Chart showing average sales per worker by PS100 firms

Our multipart series on getting Lean cited several examples in which embracing Lean management principles helped dealers improve their operations. The series also touched on the importance of tracking performance and setting goals. Lean guru Scott Morrison suggests one benchmark is to keep an eye on your revenue per employee. After all, personnel costs are one of your biggest expenses. If you can increase revenues faster than your employee count, odds are good that much of the extra money you generate will drop to the bottom line.

That led us to experiment. Morrison identified nine companies in the current ProSales 100 that are known for their Lean programs: Curtis Lumber, Jackson Lumber, Hancock Lumber, BMC, US LBM, Franklin Building Supply, McCray Lumber & Millwork, and Tindell's Building Supply. We labeled them "Lean Leaders" and aggregated their per-employee sales numbers for 2016 and 2015.

We then organized 88 remaining companies into one of three groups and did the same math. The first group was lumberyards with manufacturing operation, such as truss plant. Eight of our nine Lean Leaders are that type of operation. The second group was lumberyards without manufacturing operations; the ninth Lean Leader fits this category. And the rest were specialty dealers, such as GMS and SRS Distribution. Three of the 100 dealers were excluded. Two were specialty firms: ABC Supply and L&W Supply. This was because ABC Supply acquired L&W at the end of last October. ABC's revenue counted only the final two months of L&W-related revenue but all of L&W's employees, because we asked for year-end employee counts. Meanwhile, L&W's report had only 10 months of revenue. Using those numbers skewed the results dramatically, so we felt it was best to delete them.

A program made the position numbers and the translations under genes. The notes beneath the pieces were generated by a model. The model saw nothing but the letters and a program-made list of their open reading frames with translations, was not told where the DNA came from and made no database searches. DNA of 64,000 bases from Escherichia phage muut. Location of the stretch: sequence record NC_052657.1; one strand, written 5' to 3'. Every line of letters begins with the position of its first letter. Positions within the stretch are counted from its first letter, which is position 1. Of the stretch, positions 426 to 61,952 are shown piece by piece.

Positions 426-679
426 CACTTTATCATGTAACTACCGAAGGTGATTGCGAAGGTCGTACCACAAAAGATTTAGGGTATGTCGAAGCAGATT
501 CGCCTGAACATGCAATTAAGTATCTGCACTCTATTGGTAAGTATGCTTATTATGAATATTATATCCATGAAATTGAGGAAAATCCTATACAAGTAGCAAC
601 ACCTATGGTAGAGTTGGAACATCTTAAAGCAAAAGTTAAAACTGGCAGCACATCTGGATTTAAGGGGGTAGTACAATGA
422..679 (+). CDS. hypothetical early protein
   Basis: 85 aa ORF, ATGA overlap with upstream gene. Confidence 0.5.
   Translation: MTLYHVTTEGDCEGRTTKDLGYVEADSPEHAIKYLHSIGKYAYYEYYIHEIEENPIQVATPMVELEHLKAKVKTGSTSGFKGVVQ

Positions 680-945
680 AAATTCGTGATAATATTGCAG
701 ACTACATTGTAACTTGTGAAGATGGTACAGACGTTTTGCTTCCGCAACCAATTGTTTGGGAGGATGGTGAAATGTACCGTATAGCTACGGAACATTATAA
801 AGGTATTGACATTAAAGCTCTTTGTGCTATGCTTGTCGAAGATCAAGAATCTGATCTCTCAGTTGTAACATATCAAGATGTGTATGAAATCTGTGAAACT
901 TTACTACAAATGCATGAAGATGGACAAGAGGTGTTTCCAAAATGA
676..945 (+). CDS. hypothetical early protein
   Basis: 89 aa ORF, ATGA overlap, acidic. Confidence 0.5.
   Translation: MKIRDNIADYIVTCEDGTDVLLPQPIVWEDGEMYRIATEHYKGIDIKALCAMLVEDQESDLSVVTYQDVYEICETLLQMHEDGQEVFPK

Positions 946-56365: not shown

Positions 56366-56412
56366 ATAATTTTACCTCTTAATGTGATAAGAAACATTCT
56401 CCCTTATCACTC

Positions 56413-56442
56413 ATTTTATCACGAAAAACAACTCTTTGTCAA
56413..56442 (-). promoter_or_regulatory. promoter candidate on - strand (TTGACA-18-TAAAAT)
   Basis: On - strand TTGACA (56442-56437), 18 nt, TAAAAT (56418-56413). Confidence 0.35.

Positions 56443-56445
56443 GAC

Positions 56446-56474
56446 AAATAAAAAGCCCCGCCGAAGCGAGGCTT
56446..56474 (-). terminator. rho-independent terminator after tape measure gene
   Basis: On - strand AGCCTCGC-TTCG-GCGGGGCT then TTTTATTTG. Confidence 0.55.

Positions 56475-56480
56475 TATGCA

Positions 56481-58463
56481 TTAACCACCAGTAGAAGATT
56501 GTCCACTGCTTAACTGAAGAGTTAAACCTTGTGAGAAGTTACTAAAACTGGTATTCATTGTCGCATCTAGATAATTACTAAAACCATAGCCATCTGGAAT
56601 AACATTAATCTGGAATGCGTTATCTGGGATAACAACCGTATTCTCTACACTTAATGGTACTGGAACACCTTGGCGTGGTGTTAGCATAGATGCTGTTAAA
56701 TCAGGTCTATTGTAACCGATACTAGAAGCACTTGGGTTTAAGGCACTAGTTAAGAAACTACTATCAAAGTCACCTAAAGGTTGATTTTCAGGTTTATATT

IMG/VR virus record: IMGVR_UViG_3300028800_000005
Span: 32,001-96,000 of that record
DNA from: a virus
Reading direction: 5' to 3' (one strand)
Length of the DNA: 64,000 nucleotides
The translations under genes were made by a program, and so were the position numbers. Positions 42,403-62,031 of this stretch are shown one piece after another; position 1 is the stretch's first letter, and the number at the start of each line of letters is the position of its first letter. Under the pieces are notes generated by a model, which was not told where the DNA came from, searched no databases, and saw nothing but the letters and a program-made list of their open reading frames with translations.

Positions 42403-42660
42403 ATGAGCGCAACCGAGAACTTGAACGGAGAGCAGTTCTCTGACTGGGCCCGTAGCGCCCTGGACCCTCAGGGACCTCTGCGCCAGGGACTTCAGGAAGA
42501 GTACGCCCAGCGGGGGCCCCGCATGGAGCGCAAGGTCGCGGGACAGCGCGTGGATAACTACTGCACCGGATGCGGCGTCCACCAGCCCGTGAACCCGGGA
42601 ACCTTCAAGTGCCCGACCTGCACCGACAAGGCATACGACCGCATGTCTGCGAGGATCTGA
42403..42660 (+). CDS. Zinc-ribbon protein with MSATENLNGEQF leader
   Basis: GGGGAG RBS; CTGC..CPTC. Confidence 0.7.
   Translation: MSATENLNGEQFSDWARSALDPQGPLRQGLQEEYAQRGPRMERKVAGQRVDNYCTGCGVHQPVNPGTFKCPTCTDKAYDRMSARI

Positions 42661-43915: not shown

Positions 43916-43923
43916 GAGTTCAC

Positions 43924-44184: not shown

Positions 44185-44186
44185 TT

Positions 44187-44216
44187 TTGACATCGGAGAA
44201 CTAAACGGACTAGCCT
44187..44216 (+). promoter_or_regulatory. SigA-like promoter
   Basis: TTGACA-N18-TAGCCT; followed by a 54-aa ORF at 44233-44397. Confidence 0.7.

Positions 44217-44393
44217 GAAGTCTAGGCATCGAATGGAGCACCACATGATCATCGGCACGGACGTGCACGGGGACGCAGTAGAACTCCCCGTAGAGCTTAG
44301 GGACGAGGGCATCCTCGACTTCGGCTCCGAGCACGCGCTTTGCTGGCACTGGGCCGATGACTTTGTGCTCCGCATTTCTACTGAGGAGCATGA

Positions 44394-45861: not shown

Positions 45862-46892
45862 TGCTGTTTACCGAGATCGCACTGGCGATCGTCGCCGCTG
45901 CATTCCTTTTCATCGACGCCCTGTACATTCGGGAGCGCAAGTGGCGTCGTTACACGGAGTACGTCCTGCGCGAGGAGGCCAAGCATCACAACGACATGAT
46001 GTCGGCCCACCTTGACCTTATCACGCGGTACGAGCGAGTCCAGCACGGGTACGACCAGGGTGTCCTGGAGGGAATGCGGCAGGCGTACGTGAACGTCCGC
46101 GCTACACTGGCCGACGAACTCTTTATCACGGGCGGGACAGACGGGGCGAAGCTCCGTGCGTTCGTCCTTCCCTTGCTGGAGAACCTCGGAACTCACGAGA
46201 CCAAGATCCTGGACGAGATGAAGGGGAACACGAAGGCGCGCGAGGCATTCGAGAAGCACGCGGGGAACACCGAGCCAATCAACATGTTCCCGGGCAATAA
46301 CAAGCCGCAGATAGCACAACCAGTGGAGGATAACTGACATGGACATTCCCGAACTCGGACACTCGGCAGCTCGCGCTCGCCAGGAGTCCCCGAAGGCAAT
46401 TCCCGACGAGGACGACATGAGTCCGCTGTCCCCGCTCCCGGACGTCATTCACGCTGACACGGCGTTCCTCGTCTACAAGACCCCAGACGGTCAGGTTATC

The final PS100 company left out of this analysis was the sole molding/millwork specialty firm on the list.

Aggregating each group's numbers, we came up with average revenues per employee for 2016 and 2015. Then we compared those two numbers. The result? Our "Lean Leaders" group improved their sales per employee average by 10.7% in 2016 from the year before. That's close to double the gain made by lumberyards without manufacturing operations (up 5.5%) and markedly better than the main peer group, lumberyards with manufacturing operations, which collectively improved by 4.4%. Meanwhile, the per-employee numbers for specialty dealers rose only 8.6%.

Of course, practicing Lean might not be the sole reason the Lean Leaders improved more than the others. But it does provide food for thought.